Biblical scholar Earl F. Palmer notes that the Sermon on the Mount is structured much like Psalm 1. Among their common features, they both begin with blessings, and they both end with a parable. Palmer tells us that there are two Hebrew words that translate as “blessing.” One is barak, and it means to bow or stoop. This is the word used in Psalm 103, “Bless the Lord O my soul, and all that is within me.” But it’s also the word used in Numbers 6:22 – “The Lord bless you and keep you…” In this case, it means “The Lord stoop down to you.” But in Psalm 1, the word used for “blessing” is ‘ashar, which means “to find the right road.” Palmer writes, “’ashar in Psalm 1 means ‘you are on the right road when you walk not in the way of unrighteousness but in the way of the Law of God.”[3] This is the meaning of ‘ashar in the nine uses of “blessed” that we find in the beatitudes. You are on the right road when you are spiritually poor, when you are meek, when you show mercy, when you make peace, when you are persecuted for the sake of the gospel.

Rejoice, and be glad! You are on the right path! Yours is the kingdom of God!

But there’s one more thing you need to know about these beatitudes. The beatitudes aren’t a prescription, or a “how to” lesson. They aren’t commands, like the two we heard last week, to love God and love our neighbor. Jesus isn’t telling us to get busy and become poor in spirit or start mourning or get out there and make some peace. And Jesus also isn’t saying, “if you will do these things, this is what your payment will be.”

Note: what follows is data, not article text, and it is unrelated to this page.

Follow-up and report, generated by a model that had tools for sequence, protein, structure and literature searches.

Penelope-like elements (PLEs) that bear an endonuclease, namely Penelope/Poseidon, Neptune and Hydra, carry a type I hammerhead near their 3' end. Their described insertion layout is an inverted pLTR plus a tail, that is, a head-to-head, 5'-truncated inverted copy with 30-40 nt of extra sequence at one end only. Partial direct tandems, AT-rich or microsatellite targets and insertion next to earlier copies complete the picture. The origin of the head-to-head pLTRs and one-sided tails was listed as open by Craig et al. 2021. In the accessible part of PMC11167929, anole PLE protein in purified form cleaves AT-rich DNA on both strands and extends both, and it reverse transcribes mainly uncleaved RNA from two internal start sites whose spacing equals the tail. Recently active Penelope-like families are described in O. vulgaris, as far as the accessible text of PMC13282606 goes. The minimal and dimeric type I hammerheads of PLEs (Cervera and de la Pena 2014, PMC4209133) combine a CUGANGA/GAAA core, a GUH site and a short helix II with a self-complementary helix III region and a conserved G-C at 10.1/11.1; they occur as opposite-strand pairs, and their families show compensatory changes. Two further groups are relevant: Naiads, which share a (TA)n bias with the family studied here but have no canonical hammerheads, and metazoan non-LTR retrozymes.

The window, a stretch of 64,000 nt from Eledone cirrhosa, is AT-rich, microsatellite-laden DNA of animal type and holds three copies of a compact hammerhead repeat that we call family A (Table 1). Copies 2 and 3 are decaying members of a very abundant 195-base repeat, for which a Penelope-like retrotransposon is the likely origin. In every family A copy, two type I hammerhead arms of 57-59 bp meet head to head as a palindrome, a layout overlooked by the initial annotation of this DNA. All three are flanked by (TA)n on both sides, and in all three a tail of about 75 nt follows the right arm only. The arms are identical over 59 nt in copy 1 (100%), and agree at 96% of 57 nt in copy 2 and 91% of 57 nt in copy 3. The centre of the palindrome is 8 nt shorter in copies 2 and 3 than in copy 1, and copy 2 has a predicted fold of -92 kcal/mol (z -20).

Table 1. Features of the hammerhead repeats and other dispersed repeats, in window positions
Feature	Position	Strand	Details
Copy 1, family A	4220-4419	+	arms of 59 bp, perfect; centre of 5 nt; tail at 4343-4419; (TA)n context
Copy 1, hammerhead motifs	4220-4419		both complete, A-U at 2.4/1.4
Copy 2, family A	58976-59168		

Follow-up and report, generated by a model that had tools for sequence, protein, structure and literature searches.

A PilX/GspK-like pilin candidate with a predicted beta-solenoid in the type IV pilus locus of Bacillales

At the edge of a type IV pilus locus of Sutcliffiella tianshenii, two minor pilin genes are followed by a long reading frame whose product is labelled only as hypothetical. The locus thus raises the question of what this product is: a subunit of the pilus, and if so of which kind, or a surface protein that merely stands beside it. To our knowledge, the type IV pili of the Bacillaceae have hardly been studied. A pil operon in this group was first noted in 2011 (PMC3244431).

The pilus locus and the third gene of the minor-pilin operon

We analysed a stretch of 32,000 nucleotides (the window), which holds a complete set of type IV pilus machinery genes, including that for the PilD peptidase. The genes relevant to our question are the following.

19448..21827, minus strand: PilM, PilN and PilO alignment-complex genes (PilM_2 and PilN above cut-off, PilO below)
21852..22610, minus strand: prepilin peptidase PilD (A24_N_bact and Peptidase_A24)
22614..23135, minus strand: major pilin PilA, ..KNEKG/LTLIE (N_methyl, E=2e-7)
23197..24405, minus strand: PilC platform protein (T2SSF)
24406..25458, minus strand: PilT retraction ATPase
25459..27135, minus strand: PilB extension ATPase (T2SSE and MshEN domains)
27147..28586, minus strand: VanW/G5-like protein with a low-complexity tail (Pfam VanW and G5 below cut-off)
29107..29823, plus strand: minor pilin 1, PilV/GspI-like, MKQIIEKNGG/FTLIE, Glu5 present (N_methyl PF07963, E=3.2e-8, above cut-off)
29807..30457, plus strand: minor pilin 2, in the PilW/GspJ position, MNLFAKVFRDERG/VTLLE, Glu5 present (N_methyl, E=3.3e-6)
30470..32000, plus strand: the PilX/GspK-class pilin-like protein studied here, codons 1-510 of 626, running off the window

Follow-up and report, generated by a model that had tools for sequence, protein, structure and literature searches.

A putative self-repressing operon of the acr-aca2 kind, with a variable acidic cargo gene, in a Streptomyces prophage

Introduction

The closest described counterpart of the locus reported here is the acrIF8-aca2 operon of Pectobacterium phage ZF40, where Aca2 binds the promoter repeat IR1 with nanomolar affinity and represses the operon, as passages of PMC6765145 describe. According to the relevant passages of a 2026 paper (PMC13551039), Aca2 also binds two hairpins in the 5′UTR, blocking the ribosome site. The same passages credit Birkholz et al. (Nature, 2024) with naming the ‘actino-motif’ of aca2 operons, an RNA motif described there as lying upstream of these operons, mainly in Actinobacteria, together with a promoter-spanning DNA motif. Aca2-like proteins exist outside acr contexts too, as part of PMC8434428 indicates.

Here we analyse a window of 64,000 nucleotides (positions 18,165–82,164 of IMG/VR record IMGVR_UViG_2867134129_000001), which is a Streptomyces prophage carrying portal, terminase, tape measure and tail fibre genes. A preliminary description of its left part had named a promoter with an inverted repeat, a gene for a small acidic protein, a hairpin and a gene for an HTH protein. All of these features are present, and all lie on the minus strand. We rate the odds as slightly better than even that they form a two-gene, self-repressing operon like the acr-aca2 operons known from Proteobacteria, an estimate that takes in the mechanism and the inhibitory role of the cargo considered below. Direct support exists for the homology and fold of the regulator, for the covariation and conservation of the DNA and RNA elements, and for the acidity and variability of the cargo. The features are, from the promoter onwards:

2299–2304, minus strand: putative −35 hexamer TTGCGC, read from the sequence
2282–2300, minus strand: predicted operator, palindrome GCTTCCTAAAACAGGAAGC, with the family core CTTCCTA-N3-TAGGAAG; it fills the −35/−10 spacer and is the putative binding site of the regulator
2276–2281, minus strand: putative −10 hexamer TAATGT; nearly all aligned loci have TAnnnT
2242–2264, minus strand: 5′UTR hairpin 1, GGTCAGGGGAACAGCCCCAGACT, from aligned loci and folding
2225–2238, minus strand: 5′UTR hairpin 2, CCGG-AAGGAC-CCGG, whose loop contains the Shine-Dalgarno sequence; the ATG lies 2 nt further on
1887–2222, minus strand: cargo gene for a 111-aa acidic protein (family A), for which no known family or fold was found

Jesus is telling us that, no matter what circumstances we experience, whether good or bad, he is with us on the right road. Things may look bleak, or they may look great, but no matter how things look, we are on the right road if we are on it with Jesus. And that road leads straight to the kingdom of God, a kingdom that is already here among us, even as we wait for its fulfillment. But to be on that road with Jesus means we have to trust him, we have to name him as Lord. we have to believe that he is the Son of God, who died to save us, who rose from the dead, and who reigns with God the Father through all eternity.

Scripture tells us that many will come from east and west, and north and south, to sit at table in the kingdom of God (Luke13:29). That table is waiting for you to claim your place at it. Will you come to this feast that Christ our Lord has prepared for you? You are blessed. The Kingdom is yours. Will you come to this Table?

[1] Thomas Long, Matthew, 49

[2] http://www.covchurch.org/news/2014/07/25/church-prepares-to-receive-sudanese-woman-who-refused-to-renounce-her-faith/#more-18121

[3] Earl F. Palmer, Feasting on the Word Year A, volume 4, 238.

2014-10-24 09.52.57

The Greatest Commandment – Sermon on Matthew 22:34-46

October 26, 2014

When our son was living with us while attending college, I would often come home to find him unwinding from a hard day of study, sprawled in front of the television. Almost always, I would find him shouting out responses to the game show, Jeopardy! He was pretty good at remembering the bits of trivia that were represented by various categories on the game board, and he was extremely good at remembering to always phrase his responses in the form of a question.